The news of the murder quickly spread through the county and added fuel to the smouldering fire of suppressed rage. The miners armed themselves and went for the scabs; a battle ensued, and when the smoke clouds cleared away, the imported strikebreakers and gunmen were either killed, wounded or missing, and steam shovels and railway cars were one mighty heap of ruins. The whole community stood solidly with the miners. To the American mine workers there is nothing new in such a bloody dash. They are trained from childhood in handling arms to defend themselves against company gunmen and stool pigeons; but it is the first time that they nave won such a sweeping victory and effectively served notice on the mine operators that any attempt to open the mines with non-union labor will be stopped.

Now the United States government has invited the mine operators to reopen their mines under federal protection. Of course, it cannot be expected that these gentlemen themselves wifi go down into the bowels of the earth and dig coal, but their first aim has been attained. The armed forces of the political state have become definitely committed to their union-smashing program, and the class struggle will be intensified on the American continent.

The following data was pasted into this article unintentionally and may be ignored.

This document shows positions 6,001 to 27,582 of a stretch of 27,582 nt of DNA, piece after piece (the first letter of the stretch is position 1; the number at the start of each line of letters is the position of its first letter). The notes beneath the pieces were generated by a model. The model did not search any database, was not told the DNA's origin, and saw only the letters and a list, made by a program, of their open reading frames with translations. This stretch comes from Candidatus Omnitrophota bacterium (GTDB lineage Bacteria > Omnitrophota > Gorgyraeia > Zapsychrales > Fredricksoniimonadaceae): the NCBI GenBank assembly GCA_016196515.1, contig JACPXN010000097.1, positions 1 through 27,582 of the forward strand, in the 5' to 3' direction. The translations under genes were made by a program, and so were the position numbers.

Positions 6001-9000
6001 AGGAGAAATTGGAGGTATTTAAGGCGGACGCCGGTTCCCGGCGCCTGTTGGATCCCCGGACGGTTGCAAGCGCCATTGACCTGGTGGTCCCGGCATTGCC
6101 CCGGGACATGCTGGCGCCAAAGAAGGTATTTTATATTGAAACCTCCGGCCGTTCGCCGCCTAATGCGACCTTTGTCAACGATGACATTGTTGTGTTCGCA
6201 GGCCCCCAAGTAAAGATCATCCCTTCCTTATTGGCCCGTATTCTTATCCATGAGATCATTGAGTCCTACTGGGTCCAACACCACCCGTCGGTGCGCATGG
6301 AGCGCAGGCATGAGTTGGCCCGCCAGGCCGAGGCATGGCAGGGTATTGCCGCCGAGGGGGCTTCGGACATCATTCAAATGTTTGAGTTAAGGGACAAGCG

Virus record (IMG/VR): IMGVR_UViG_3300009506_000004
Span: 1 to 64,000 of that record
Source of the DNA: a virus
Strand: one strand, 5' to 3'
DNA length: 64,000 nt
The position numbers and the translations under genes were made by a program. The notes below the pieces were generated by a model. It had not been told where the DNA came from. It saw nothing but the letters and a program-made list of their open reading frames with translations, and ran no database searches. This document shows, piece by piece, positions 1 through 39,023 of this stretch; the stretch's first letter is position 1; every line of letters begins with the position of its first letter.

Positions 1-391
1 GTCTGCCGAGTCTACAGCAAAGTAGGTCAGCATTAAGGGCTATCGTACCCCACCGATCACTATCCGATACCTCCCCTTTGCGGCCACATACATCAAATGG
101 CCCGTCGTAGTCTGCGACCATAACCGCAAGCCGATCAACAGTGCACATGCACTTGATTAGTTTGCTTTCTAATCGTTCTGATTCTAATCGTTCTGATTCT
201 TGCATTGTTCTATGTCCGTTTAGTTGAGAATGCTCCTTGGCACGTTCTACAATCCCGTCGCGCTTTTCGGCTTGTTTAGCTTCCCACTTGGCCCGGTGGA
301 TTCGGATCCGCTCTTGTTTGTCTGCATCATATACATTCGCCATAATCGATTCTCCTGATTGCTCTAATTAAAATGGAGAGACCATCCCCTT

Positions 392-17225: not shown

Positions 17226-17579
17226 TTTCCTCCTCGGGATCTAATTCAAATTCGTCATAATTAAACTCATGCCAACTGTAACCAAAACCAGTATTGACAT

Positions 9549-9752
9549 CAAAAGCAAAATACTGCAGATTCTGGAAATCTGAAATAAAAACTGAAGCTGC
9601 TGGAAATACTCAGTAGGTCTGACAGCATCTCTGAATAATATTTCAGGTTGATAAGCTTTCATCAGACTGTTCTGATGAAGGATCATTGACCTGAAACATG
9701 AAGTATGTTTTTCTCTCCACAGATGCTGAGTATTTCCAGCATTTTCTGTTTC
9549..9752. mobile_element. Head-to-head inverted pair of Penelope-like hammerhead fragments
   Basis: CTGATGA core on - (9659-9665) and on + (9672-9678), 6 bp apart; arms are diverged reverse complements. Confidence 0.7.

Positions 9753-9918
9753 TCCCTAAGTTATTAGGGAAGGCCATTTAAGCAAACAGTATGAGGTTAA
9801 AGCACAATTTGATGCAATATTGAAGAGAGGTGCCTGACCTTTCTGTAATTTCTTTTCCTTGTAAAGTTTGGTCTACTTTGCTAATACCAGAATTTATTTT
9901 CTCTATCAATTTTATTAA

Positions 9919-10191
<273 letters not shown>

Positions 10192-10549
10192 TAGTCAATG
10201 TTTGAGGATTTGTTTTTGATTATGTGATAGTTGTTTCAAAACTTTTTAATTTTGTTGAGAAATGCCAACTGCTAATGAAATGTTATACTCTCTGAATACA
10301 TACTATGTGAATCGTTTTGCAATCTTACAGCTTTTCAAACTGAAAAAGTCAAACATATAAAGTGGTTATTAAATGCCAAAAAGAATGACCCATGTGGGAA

The Railroad Strike

The railroad workers are facing their supreme test. The forces new allied against them are so powerful that it will command every ounce of their energy and solidarity to bring this titanic battle to a successful conclusion. Last year, the Five Train Service Brotherhood of Locomotive Engineers, Firemen, Conductors, Trainmen and Telegraphers had their wages cut 12½ percent, and the national agreement of working conditions for all railroad workers was abrogated. The rank and file voted to strike, the leaders prevented it on the plea that they could not fight the government, and they failed to establish any solidarity among the railroad crafts or a closer amalgamation of their forces. On July 1st, the U.S. Railroad Labor Board which was created by the government and has remained in authority ever since the railroads were returned to private ownership at the close of the war, ordered another wage cut averaging 10 percent, affecting 1,200,000 of the remaining 11 craft unions on the road, thus topping off $136,000,000 of their annual pay. The 8-hour workday and overtime rates have been taken away and piece work re-established in the shops. The government Labor Board stands exposed as a tool in the hands of the capitalist class to enslave and impoverish the workers.